If Galway Bay was covered with a sheet of strong glass, and if the skies reflected off it, like they do off the water on a summer’s day, you can be sure we would be out there all the time, slipping and sliding on it, falling on our arses on it, making up strange glass-bound games to play on this strange playground.
If it stretched pane-like all the way across to Ballyvaughan, we would be like Irish Inuits, scooting across it pulled by an army of donkeys with ash hurls on their feet. We’d never be off it. But if the glass ended at the edge of the bay, our journey would probably stop there. And we’d trek back, having been to the edge, without any great desire to go further.
But it’s not made of glass, so we’re not out on it all the time. So we look at the sea and we think of ways to stop ourselves falling into it. Maybe we’re a generation bred on the fears of Synge. Maybe we’ve seen too many plays with Aran Island mammies wailing the loss of child after child, sacrificial lambs to the waves that lap at our shores. And then there is the likes of Gavan Hennigan — mad for nautical road. Give him an oar and off he disappears over the horizon, like a tribesman in Moana.
And of the many things that Gavan achieved when he rowed trans-Atlantic earlier this year, perhaps the most important was the sense of adventure he awoke in all of us. Suddenly at night, we became conscious of the giant waves he was battling; of the giant seagulls he was conversing with.
We also got a glimpse of what goes on at sea, unknown to us all, with the tragic loss of Rescue 116. Not since then have any of us looked at a rescue helicopter flying in and out of the city, without thinking of the great dangers that are inherent with every single seemingly simple operation they undertake so we can live our lives.
So there is a magic and drama about the sea that grabs us all. One cannot look at the sea without feeling an impulse to embrace it, either in it or above it. It is hard for any of us to stand at the edge of the water and not wish for the wings of a swallow. The sea too, looks at us and wants to come to us. It does not like to be restrained by ugly walls or rocks or shores and every chance it gets to come ashore it does. Lapping at our feet like a playful puppy, but roared on like a lion when the mood takes it.
We have a strange relationship with the sea here in Galway. For centuries, it was our thing. It brought people here. We sang about it. In fact we did everything with it apart from truly embrace it as a key part of our culture. It shapes us. We are a city on the edge of something. Push the sea further out west and we are but a midland place, soggy, our socks damp from the bog, not from the heaving froth of a morning wave bringing some other bit of madness.
If it were not there, we would have forged further westward into the Atlantic and the magic of this place might not be what it is. Here in Galway, it is as if we have been ignoring it, treating it as something that hems us in, rather than invites us out.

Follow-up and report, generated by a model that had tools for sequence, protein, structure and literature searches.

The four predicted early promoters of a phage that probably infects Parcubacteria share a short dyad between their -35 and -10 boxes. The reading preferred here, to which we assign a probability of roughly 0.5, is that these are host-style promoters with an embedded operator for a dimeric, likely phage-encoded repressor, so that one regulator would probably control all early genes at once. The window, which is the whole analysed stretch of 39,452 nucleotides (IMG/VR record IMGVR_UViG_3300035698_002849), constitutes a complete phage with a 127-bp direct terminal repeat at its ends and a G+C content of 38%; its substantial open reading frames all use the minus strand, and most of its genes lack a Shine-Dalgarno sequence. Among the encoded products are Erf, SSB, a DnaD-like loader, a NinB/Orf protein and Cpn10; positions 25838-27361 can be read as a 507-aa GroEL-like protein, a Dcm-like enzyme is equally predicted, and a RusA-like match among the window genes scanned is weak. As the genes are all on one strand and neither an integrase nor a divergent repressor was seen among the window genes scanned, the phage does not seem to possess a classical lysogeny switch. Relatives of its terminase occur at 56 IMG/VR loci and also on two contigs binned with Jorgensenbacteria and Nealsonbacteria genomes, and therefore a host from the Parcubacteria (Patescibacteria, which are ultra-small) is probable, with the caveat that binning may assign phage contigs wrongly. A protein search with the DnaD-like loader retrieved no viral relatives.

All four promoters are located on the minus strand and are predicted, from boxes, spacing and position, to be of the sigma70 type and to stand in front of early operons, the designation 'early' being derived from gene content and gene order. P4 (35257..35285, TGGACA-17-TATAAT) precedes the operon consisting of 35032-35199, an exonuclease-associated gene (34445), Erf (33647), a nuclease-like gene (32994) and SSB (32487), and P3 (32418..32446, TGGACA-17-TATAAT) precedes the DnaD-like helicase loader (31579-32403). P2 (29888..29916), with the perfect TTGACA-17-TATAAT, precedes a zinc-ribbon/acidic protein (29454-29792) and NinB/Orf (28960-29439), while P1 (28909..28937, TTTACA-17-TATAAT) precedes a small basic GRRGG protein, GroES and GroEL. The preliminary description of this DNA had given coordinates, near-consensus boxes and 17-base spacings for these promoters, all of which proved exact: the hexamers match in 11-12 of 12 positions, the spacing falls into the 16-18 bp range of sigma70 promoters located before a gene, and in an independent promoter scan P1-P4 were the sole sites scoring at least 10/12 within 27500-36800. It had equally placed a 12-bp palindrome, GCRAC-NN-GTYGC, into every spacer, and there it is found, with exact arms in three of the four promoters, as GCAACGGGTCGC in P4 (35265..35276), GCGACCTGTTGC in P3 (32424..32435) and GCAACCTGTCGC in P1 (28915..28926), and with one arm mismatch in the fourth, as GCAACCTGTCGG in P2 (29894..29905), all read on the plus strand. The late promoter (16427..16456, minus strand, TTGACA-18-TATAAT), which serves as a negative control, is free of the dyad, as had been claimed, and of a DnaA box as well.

We often look at the sea as the ending of one land and the faraway beginning of another, but let us not forget that oceans just separate lands and not souls. The sheer brutal power of the sea we share here is that which is experienced in Newfoundland. I love the Annie Proux book Shipping News, celebrating the link between a seaside community, its local paper and the vagaries of life. Right across from us, over that ocean.
So let’s turn around, everyone, and look at the sea, and think of the possibilities. Let our new buildings face it, be high enough to see over it; let it bring more people to us, through the development of the port; let it become more accessible to all. Let SeaFest this weekend show all those possibilities. Feed this information into the minds of the young who will not let such a resource go unreleased as perhaps this generation has.
Fair play to Peter Heffernan and his team at the Marine Institute for organising SeaFest — a spectacular event that will draw the guts of 100,000 to the city this weekend. From my lofty perch at the top of the Advertiser building in Eyre Square, I can see, through a gap between Foxes and the Meyrick Hotel, a straight line across the bay to Renville where the Marine Institute building gleams in the morning sun. In here, thankfully, we are fortunate to have world leaders in sea exploration, using technology that is used to perform many tasks, mainly scientific, but earlier this year, they performed a human task when their robotics were used to help search for the crew of Rescue 116.
This week come to Galway and bring your family and friends along to see the wonders of the seas. There probably won’t be an inch of water that won’t be covered by something wild and wonderful at the Docks. There are so many things to see. Let yourself be seduced by the waves.
Fifty four years ago this month, John F Kennedy stood in Eyre Square and invited people through the mists of another metaphor to go down to the bay and look west “and if your sight was good enough, you would see Boston, Massachusetts.”
Maybe it’s time we stopped staring over the seas to see what’s on the other side, and looked more at what’s under our noses. Enjoy SeaFest. It’s going to be fantastic.